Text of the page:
As with all macroeconomic predictions, this one about productivity rising to meet wage growth could be wrong. But the downside risk of being wrong is relatively small; a couple of years of above-target price inflation as wages push up costs. Given the many years of below-target inflation, one hesitates to even call this a “downside” of a policy that has the economy going for growth. The downside risk of reining in demand before we even test the virtuous cycle of rising wages leading to rising productivity growth, however, is enormous. The decline in potential output for 2017 between what was forecast in 2007 and what is estimated now is almost $2 trillion. If half of this—$1 trillion—could be clawed back through a policy that runs the economy hot and leads to higher productivity growth, it will be an extraordinarily consequential policy choice.
- André Magnan and Annette Aurélie Desmarais examine farmland investment patterns in Saskatchewan and find that outside money is making land unaffordable for residents.

- Jason Warick discusses not only Saskatchewan's missed opportunity to build a sovereign wealth fund, but also the choices which have frittered away a boom - including $6.6 billion in tax cuts which have accomplished nothing useful. And CBC highlights the workers who are now paying the price for Brad Wall's bad governance, while also reporting that Regina is on the hook for millions more than planned to finish the stadium which Wall saw as more important than providing for Saskatchewan's people.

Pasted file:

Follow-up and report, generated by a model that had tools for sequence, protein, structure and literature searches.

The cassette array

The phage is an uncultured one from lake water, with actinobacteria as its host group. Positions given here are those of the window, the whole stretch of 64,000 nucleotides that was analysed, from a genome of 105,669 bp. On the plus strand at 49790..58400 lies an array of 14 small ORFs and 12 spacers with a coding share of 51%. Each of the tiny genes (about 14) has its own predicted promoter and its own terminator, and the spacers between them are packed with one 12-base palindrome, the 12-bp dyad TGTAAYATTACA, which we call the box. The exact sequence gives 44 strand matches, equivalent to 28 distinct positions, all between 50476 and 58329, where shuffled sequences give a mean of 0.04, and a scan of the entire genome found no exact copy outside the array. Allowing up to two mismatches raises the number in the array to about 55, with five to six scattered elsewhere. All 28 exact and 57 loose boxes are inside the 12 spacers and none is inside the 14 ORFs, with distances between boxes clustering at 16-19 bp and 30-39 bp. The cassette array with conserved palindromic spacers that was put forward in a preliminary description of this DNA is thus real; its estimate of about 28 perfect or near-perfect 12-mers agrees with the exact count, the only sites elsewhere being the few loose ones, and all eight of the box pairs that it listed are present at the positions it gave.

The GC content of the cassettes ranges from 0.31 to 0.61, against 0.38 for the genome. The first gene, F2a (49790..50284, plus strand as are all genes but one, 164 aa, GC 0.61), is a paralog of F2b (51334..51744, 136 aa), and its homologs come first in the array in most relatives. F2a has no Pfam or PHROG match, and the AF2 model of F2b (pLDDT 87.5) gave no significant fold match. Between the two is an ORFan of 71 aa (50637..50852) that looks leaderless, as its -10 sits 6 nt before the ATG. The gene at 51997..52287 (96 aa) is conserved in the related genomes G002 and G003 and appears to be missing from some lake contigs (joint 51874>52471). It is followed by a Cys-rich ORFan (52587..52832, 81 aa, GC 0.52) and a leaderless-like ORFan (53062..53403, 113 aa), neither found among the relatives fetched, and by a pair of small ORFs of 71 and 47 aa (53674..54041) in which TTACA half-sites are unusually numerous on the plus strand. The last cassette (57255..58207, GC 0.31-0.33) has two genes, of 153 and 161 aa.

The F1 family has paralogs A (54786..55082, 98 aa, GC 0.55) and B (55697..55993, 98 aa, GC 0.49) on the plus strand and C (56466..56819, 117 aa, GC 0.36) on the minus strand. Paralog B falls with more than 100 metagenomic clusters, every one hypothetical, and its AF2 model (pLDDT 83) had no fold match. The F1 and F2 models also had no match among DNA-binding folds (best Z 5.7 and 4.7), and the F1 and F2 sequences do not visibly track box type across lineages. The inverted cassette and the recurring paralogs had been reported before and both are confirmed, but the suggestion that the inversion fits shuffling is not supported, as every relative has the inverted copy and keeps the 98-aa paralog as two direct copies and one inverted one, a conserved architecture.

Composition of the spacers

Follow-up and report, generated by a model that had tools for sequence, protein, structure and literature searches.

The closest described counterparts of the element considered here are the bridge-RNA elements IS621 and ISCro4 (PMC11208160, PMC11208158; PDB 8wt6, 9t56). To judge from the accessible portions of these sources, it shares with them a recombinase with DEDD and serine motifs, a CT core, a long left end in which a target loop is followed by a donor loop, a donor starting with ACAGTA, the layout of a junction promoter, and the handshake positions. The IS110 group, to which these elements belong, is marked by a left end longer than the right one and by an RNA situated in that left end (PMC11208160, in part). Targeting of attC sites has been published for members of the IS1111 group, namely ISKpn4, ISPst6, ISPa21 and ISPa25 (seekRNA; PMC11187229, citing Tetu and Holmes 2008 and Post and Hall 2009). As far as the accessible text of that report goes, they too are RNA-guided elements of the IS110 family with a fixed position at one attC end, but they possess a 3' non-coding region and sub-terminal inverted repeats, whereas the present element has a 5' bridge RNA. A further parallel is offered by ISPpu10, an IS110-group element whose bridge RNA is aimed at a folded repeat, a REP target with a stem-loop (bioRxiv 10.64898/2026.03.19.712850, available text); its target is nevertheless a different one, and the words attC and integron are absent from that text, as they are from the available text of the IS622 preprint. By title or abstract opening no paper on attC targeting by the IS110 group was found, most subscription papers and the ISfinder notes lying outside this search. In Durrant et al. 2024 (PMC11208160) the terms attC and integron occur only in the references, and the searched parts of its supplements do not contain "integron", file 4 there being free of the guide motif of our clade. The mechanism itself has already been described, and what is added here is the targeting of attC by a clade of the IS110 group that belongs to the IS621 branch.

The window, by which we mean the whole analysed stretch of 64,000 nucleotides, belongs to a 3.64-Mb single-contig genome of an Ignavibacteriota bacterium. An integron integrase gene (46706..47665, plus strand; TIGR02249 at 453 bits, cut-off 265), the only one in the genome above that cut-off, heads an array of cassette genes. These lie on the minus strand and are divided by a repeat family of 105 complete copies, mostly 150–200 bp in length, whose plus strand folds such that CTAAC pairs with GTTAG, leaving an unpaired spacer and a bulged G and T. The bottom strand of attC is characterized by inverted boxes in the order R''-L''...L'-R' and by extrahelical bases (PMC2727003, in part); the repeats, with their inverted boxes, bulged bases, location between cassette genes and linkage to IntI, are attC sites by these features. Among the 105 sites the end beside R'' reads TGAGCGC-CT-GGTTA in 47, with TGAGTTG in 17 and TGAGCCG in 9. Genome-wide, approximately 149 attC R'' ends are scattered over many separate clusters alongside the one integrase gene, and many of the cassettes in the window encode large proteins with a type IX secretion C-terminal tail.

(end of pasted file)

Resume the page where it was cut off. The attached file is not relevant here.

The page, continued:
- Meanwhle, the CCPA studies Justin Trudeau's privatization plans while questioning why he's determined to double the price of infrastructure in order to enrich Bay Street. And Emma Gilchrist discusses the long-term costs of Christy Clark's Site C dam boondoggle.

- Finally, Sophia Harris reports on the stock option loophole left open by the Libs, while wondering whether this year's budget will see a sorely needed change toward collecting revenue from the people who can most afford to contribute it.

Sunday, March 19, 2017

On pipelines to nowhere

I'll be taking a look at the individual candidates in the NDP's leadership race over the next little while. But before I start into that review, I'll pause to discuss the most bizarre development of the leadership campaign so far.

As I noted in reviewing the first debate, Peter Julian's choice to brand himself largely through his opposition to the Kinder Morgan and Energy East pipelines figured to turn what could otherwise have been a broadly acceptable campaign into a highly polarizing one. And a combination of nonsensical reactions to Julian's message and a lack of pushback on his part has taken the division to extremes which look highly dangerous for the NDP as a whole.

At the outset, here's Julian's position on pipelines in the context of resource development generally (emphasis added):
Mr. Julian said it is “very clear” to him that the NDP must oppose pipelines and work towards transitioning to clean energy.

Mr. Julian says the government should refine and upgrade raw bitumen from the oilsands in Canada, instead of exporting it. The risk of spilling the diluted bitumen the pipelines carry was not worth the reward, he said. 
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Mr. Julian said building refineries and using the resulting product in Canada would create more jobs than pipeline construction ever would, and it would decrease Canada’s dependency on oil imports. It would also eliminate the need for pipelines, he said.
The same article notes that both Guy Caron and Niki Ashton are also opposed to Kinder Morgan and Energy East, and that the comparatively pro-pipeline position among the current candidates is found in Charlie Angus' slightly different emphasis as to the balance between the interests of pipeline operators and the people whose territory they use.

Somehow, that modest different in positions - coupled with Julian's emphasis on pipelines as an issue - has led to outbursts from NDP supporters which would fit far more comfortably within a Wildrose Party policy debate.

In one case, that's consisted of the classic capital-friendly position that any questioning of a business' wishes is predominantly an attack on the labour share of the resulting economic activity.